Wednesday night (19th January) in the UK, Channel4 aired Episode 1 of a new show called The Joy of Teen Sex (link to the channel4 website here, and the ‘sexperience’ site here. Warning: may contain explicit content). Here is the first two lines of the press release:
Sex is part of every teenagerâ€™s life. They think about it, they worry about it and they do it. This bold and compelling new series offers a frank exploration of the love and sex lives of today’s teenagers – presenting solutions to the emotional and physical problems that many of them experience.
Before the show even aired it was being slated by faith and moral groups, but more worryingly, by sex and relationship professionals who feared the show was sending mixed and damaging messages.
I didn’t actually watch the show (I was busy elsewhere and can’t bring myself to watch it online), so can’t comment on it directly. I was however watching the twitter hashtag #thejoyofteensex and the swell of anger the show produced online. Instead, I simply want to link to two articles from professional and trusted sources.
The first is by Dr Petra Boynton; a well-known educator, agony aunt, and expert in sexual health and relationships. She writes about her concerns of the show before it was even aired:
Last summer myself and several other sex educators, therapists and reproductive healthcare staff were approached by researchers from Betty TV working on a new programme commissioned by Channel 4 called â€˜The Joy of Teen Sexâ€™. The show was described as a cross between the established (and popular) Embarrassing Teenage Bodies and The Sex Education Show. The Joy of Teen Sex would be set in a mock clinic where young people who had sex and relationships questions could get advice. The TV company was looking for people to appear as experts on the series (whoâ€™d play the role of â€˜clinic staffâ€™), and/or to refer them young people for possible inclusion.
I am very much in favour of using the media to share information on sex and relationships (and other health topics). But I had reservations from the outset about this particular series. All of which I shared with the researchers at the time, and Iâ€™ll repeat now.
The whole post is worth a read for the huge number of concerns she raises. Later she writes:
The phrase that put me off supporting the programme most was â€˜Sex is the most important thing in a teenagerâ€™s lifeâ€™. It may surprise you, but I profoundly disagree. â€˜Sexâ€™ may be important to some teens some of the time, but not to all teens all the time. For many young people the most important thing in their lives may be their friends, their schooling, hobbies or sports, their pets, their faith, music or a whole slew of other stuff Iâ€™m probably to old and boring to know about.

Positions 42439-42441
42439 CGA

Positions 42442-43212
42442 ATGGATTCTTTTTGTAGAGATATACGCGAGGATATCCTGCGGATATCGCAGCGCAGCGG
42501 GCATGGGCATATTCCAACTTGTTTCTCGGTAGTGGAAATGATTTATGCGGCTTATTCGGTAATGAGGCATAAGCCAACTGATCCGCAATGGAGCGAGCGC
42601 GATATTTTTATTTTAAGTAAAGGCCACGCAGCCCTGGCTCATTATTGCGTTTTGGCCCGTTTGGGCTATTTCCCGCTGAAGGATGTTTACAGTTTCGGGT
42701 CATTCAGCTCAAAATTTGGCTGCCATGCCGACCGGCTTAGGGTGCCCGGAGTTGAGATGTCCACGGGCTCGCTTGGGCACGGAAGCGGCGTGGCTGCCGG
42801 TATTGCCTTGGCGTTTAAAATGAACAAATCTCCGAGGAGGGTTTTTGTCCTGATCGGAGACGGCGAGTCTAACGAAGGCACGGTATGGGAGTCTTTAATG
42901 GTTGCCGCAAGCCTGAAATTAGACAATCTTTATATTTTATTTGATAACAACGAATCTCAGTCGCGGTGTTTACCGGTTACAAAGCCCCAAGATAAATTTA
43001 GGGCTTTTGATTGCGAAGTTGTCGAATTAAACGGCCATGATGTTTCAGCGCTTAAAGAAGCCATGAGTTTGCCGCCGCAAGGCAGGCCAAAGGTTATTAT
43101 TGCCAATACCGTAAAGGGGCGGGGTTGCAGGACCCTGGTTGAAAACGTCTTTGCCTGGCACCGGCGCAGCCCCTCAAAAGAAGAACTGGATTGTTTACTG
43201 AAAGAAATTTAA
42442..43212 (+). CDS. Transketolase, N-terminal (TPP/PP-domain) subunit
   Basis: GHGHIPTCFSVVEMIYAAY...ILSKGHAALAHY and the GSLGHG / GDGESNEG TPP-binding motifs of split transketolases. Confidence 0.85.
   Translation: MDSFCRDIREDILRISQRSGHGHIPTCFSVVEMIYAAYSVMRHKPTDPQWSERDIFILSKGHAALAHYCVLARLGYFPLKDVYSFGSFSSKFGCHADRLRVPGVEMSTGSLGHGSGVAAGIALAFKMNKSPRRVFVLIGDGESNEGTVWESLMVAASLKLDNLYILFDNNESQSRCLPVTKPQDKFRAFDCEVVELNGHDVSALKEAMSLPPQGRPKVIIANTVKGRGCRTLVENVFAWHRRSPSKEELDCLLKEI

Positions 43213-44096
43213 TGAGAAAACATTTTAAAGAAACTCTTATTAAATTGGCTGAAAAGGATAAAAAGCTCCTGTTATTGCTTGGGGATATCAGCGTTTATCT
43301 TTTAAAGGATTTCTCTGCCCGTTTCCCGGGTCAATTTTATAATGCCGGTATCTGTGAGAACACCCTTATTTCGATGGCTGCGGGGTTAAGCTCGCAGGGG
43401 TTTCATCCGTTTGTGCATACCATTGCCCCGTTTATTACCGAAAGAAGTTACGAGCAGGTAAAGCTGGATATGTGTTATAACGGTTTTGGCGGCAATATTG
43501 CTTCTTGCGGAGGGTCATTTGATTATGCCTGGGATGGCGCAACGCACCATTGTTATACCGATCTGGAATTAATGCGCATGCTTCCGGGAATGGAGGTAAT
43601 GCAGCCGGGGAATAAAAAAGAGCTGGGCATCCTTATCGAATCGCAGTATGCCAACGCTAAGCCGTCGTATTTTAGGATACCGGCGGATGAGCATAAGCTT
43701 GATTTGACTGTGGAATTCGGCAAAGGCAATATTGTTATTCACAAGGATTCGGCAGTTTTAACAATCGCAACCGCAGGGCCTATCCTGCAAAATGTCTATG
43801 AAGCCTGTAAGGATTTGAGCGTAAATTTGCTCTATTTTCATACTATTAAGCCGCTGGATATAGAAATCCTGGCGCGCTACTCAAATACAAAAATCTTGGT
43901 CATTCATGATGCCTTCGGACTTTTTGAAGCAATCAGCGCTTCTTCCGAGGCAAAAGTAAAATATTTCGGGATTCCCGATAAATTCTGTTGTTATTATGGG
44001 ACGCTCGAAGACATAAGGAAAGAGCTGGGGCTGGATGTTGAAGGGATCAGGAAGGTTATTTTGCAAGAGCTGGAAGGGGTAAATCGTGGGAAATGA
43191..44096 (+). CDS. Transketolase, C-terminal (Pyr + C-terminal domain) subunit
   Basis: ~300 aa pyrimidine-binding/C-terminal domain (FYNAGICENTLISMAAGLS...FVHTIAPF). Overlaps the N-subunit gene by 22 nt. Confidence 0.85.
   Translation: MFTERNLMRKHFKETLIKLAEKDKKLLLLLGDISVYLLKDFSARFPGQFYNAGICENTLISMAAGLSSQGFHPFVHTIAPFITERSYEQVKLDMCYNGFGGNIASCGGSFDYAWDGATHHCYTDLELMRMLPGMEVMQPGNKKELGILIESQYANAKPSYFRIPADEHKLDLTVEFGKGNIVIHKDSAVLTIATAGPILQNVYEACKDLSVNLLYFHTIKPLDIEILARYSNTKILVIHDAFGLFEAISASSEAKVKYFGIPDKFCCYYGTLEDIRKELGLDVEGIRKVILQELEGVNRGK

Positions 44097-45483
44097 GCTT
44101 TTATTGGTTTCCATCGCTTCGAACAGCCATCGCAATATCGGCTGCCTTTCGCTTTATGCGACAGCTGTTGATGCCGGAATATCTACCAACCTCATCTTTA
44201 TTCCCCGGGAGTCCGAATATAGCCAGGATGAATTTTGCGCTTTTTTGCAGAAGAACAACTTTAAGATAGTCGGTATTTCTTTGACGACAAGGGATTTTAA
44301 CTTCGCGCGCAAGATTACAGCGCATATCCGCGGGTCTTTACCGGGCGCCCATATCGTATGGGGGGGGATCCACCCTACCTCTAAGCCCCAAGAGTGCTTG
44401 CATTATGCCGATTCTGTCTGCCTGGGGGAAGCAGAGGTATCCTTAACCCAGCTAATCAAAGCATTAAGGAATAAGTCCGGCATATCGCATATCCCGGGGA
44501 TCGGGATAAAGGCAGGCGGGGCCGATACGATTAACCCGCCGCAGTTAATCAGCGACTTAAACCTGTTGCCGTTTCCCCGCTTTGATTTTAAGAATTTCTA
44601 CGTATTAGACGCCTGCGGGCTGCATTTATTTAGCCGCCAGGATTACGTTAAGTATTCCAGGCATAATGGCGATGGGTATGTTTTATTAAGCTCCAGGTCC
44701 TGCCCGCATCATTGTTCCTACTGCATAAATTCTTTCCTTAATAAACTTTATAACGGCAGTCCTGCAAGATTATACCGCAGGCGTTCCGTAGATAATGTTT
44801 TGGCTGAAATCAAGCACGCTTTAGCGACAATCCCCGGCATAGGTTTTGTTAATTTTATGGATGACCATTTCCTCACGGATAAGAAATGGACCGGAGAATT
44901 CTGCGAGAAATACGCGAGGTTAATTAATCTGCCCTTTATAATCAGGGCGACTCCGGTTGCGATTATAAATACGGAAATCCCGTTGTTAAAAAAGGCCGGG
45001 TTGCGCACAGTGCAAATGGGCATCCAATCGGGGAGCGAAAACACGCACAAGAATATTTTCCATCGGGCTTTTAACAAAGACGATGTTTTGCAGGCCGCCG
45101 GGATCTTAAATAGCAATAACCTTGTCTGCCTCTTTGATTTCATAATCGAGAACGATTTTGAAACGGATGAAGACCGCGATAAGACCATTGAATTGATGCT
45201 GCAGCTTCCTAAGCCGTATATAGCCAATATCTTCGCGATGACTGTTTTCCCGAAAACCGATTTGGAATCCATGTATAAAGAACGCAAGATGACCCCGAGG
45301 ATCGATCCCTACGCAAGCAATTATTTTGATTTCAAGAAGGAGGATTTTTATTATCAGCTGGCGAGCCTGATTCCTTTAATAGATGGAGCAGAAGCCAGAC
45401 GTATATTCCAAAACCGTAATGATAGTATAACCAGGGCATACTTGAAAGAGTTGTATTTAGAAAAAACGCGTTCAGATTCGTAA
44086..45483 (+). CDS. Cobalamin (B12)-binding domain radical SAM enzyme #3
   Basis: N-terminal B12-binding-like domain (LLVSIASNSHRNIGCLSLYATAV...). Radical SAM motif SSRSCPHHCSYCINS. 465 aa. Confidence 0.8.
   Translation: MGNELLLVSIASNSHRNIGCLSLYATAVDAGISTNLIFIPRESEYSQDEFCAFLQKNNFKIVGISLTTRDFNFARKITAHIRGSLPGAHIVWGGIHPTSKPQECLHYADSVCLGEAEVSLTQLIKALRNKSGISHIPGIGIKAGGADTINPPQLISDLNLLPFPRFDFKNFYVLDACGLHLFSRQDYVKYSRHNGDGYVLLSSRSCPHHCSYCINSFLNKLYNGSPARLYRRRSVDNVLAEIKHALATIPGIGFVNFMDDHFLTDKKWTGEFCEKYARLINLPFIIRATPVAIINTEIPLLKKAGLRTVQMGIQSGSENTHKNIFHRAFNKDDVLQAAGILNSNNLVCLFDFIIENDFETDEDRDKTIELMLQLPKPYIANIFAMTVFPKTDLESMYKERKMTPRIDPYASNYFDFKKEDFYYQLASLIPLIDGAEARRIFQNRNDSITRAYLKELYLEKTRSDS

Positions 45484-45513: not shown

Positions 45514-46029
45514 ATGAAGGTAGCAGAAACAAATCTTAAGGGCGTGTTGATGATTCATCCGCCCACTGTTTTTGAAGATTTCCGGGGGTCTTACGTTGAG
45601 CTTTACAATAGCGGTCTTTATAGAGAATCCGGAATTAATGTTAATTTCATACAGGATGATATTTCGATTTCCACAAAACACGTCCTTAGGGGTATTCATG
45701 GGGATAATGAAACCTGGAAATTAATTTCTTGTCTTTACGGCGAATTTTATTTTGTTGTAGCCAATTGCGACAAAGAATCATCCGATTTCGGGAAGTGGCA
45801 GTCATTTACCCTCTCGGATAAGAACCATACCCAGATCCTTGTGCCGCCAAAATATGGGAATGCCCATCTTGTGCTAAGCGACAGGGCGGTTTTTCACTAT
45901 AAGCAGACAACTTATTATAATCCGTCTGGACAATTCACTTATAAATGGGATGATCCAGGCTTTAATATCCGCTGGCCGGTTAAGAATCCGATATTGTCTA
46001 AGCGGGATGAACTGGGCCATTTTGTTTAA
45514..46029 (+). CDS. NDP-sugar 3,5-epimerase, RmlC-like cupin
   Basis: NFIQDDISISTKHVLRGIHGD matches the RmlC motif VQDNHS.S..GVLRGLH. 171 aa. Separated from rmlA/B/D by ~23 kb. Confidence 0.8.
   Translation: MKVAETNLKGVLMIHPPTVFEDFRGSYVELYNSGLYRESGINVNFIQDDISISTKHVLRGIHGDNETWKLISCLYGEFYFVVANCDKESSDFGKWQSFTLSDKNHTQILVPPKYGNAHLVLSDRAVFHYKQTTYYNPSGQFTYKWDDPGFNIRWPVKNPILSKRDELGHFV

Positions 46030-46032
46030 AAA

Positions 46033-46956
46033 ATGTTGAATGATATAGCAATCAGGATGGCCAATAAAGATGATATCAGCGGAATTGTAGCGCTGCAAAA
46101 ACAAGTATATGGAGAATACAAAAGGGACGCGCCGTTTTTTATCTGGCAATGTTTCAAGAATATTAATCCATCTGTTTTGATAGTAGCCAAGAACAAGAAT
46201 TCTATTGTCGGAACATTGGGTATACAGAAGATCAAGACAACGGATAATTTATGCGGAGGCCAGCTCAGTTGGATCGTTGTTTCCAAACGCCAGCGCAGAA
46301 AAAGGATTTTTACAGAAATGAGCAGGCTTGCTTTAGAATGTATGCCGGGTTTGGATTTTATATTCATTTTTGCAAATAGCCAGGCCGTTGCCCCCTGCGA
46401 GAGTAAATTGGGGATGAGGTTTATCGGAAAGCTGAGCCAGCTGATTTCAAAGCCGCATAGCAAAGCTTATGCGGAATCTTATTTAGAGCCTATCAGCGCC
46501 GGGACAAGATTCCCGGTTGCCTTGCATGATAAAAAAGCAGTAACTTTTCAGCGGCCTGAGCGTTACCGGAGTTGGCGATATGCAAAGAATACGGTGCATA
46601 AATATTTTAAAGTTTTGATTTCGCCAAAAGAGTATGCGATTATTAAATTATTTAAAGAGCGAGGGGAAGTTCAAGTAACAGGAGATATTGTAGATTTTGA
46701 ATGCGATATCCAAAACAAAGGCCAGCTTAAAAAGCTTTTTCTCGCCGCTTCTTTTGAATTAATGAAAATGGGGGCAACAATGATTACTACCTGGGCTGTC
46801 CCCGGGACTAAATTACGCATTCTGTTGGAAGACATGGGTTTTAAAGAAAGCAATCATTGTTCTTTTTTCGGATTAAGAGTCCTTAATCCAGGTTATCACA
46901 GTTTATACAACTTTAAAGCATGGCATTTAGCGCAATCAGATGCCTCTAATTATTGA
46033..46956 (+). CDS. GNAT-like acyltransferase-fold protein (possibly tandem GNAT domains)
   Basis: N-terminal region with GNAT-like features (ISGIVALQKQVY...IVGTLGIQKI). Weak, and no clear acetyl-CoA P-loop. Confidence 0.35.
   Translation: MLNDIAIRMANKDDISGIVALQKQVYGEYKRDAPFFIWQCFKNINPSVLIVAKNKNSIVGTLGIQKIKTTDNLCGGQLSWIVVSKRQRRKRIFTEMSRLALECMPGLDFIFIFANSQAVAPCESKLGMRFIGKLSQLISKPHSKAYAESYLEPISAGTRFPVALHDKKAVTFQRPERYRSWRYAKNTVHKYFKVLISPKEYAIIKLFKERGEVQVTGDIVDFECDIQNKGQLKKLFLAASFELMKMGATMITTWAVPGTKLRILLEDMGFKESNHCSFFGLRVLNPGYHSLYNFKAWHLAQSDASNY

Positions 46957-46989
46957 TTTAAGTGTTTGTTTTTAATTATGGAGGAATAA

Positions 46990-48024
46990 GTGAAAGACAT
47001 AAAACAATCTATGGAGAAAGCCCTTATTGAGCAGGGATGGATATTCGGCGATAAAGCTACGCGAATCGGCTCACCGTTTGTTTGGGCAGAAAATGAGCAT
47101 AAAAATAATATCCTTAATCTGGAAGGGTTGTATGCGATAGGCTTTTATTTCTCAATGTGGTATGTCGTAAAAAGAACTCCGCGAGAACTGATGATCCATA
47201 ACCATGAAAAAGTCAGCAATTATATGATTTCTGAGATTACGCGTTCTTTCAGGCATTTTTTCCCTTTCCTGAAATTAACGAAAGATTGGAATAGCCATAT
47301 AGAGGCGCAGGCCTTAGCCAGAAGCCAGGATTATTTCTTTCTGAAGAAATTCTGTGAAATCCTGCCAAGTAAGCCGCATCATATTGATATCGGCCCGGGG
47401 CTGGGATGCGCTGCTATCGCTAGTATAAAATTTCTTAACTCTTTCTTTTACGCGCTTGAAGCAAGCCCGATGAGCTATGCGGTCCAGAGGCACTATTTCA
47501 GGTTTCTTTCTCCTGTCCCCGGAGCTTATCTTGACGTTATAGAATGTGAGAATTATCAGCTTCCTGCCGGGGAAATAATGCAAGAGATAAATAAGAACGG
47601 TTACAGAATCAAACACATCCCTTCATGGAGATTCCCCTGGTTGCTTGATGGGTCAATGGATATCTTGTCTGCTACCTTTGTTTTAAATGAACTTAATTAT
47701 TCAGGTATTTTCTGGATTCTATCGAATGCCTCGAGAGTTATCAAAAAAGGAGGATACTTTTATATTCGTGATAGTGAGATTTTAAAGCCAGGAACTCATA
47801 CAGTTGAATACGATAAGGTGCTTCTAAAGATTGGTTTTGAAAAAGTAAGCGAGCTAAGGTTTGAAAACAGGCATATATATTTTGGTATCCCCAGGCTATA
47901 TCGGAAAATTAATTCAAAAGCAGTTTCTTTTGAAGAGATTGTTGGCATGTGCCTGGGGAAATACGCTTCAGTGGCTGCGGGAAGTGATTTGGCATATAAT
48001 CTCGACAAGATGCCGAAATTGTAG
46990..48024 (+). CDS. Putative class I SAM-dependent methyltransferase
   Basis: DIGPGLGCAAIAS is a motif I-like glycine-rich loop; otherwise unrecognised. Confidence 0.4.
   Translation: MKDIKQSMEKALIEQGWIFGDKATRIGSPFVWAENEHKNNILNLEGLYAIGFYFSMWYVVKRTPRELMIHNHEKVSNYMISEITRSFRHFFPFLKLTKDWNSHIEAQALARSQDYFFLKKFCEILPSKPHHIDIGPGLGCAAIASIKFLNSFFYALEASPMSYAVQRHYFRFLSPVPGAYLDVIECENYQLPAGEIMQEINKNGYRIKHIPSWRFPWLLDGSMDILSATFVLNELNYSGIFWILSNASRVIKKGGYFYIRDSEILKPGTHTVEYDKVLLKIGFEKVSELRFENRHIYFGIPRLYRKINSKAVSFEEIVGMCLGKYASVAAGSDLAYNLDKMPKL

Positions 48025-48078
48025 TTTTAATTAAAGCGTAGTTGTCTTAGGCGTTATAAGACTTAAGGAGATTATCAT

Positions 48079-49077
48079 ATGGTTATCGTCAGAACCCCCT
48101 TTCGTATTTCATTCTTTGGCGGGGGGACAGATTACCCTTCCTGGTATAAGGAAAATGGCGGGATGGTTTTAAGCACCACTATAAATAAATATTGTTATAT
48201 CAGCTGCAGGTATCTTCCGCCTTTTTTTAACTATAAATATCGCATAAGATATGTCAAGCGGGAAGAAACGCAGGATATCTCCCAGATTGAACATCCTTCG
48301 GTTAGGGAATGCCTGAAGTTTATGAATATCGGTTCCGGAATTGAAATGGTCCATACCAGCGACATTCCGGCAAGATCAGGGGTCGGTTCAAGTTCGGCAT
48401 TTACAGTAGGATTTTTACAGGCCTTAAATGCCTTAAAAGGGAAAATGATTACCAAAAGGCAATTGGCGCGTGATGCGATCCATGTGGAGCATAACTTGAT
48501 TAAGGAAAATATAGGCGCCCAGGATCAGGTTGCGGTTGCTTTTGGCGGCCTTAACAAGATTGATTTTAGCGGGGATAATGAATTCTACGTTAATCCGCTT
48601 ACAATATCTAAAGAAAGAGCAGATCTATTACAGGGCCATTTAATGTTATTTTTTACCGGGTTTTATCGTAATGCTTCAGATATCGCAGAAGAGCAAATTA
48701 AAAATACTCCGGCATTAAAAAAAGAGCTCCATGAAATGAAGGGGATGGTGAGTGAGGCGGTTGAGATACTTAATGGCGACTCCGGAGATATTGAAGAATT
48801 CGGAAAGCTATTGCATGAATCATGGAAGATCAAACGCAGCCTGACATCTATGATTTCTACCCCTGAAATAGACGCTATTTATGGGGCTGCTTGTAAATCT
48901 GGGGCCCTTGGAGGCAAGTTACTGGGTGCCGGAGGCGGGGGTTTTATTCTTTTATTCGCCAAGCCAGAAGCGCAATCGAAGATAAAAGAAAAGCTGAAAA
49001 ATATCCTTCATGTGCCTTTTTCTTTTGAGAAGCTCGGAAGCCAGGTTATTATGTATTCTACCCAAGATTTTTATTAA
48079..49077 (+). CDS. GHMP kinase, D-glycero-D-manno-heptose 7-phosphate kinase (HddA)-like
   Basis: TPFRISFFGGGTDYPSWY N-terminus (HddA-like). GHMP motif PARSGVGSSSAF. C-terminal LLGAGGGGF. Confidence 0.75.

The second article is a reaction to the show by Romance Academy, a national initiative running groups educating teenagers about sex, relationships and self-esteem:
So, Wednesday night saw Channel 4 reach an all time low with their deliberately salacious programme, The Joy of Teen Sex. For those of you who didnâ€™t see it, TJOTS was a programme that pitched itself as a â€˜frank and sometimes shocking look at the world of teenage sex, complete with fears, fright and funâ€™ (4od). Because (as they say in the first 5 minutes of the programme) sex can be the most important thing in a teenagerâ€™s life.
Way to set up a programme. If you know any teenagers youâ€™ll know that this is utter rubbish. But, maybe if I was a teenager hearing that and felt that actually, GCSEâ€™s are the most important thing in my life right now, I might be worried that there is something wrong with me. And, if I were the parent of a teenager, Iâ€™d also be worried that my teen was sex obsessed and out compromising themselves every weekend. But it doesnâ€™t stop there. To add to this, we are also told that:
â€œAlthough the age of consent is 16, by that time the average teen has slept with a least 3 people. â€œ
The reality is that most 16 year olds have not slept with anyone.
Both articles raise serious concerns about the approach taken by this show and the message it is sending to teenagers. Although I don’t do a lot of direct work around SRE (Sex & Relationships Education), I did write and article on the subject here and believe it is vital for young people to have access to safe, professional and unbiased information. Did anyone else see this show?